During the day, I run around at the two daycare centers collecting soiled diapers, and measuring weights and heights of children. The evenings are spent processing the collected poop, an act carried out in silent solitude.
The lab staff and local doctors are all accommodating, and try to make me feel welcome in this foreign-yet-still-in-Quebec town. I am eventually recognized as the “Poo guy.”
“Et alors, t’as-tu collecté du caca aujourd’hui? (So, did you collect any good poop today?)“ They ask. I remind myself that the Southerners in Kuujjuaq all speak French (Come on, we’re in Quebec here), but the local Inuit speak English.
But no, today was a horrible day, full of rejections and shy kids who never poop at the daycare, only at home. But my supervisor says, “This is a game of ‘hurry up and wait’. Part of the success is rejection, so I guess you were successful.”
And so, I pray to the stars for more poop.
At night, Riita and Andrew from the band The Jerry Cans invite me into their hotel suite, for a quick jam session with Peter. Although we were strangers not too long ago, after hours of singing Inuktitut folk songs, it was already 3 a.m., with much poop to collect in the morning. Peter says he’ll try to get another gig at the “Lounge” before I leave, so I can hear him play one last time.
“Nakurmik,” (thank you) I say, and leave the suite to get some sleep.
Sit alone at the bar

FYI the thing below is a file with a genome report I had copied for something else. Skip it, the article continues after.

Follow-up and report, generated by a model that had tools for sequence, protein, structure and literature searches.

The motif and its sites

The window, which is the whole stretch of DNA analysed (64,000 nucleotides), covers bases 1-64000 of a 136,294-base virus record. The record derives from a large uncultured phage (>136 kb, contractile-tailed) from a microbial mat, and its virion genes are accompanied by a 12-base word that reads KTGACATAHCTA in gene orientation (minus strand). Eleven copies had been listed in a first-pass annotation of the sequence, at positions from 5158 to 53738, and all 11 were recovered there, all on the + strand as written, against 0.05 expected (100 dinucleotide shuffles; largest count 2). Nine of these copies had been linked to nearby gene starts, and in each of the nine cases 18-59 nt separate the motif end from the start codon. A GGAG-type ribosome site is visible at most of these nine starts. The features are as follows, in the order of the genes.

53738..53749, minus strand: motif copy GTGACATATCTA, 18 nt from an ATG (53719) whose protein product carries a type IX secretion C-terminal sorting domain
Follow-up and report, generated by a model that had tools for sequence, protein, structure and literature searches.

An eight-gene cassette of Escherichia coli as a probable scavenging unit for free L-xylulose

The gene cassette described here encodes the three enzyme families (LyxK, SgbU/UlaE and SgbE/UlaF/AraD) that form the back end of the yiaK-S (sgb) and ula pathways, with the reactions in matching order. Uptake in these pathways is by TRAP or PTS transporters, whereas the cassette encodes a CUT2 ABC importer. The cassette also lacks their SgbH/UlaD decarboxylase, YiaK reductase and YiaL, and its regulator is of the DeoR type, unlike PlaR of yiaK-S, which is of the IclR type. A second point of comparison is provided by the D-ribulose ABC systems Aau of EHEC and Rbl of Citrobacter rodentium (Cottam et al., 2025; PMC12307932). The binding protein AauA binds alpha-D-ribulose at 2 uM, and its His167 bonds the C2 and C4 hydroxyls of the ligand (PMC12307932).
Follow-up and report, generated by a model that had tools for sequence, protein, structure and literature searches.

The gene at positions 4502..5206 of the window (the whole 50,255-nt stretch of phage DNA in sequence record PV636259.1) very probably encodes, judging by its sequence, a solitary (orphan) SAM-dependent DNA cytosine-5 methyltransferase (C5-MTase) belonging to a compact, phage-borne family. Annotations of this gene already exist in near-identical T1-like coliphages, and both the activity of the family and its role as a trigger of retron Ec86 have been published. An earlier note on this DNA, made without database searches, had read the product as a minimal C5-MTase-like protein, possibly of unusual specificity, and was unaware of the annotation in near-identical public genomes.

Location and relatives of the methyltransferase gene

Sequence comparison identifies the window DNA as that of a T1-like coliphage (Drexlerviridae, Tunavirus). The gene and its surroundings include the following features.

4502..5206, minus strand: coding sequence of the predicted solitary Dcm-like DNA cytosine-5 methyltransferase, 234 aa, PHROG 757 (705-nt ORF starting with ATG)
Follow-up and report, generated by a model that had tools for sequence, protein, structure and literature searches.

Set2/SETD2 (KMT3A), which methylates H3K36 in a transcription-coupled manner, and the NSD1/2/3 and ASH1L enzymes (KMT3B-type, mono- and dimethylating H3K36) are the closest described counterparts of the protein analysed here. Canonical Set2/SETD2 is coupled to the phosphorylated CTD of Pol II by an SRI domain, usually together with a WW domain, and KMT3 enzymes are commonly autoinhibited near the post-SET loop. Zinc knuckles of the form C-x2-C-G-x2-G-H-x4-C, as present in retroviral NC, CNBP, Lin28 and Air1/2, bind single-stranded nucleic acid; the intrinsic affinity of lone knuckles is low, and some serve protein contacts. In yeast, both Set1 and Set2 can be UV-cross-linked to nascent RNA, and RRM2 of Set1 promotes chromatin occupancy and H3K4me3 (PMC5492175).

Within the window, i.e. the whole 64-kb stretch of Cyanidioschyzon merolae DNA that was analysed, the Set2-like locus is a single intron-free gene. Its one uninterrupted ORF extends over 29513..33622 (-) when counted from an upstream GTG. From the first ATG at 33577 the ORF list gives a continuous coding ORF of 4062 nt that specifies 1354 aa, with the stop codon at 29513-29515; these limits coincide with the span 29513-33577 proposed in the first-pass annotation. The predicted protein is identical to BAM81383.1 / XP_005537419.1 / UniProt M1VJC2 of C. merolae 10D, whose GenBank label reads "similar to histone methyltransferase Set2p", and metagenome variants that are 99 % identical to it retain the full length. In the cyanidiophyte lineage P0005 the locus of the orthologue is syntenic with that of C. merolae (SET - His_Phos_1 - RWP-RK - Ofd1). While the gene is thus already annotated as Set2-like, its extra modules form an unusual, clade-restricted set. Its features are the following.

Two cuties crack Molsons with a spoon
But think of grilling fake hot dogs
The blue jays endorsed
The wolf on the wall only stares back
But the True North is silent
Not just quiet but so bright
It blinds the cigarette embers deep
Jays jersey with Expos cap
Jackie’s rolling in his grave
Sorry Canadians are we
But how we crave the not-aloneness
The break from small towns
Bartenders are cute anywhere you go
Even the True North
Barren, not in bartenders
But our limbs
Too long for our tiny heads
Reach far failing to grasp
They’re just that
Harry Kim is an undergraduate student in Microbiology and Immunology, doing his Honours research on the development of a vaccine against cryptosporidiosis. Last summer, he participated in the McGill Global Health Scholars program, and went to the Arctic on a public health study. Coincidentally, it involved the surveillance of the same parasitic disease, cryptosporidiosis, which has recently been recognized in Northern communities. Outside of his research initiatives, he is also a part time beekeeper.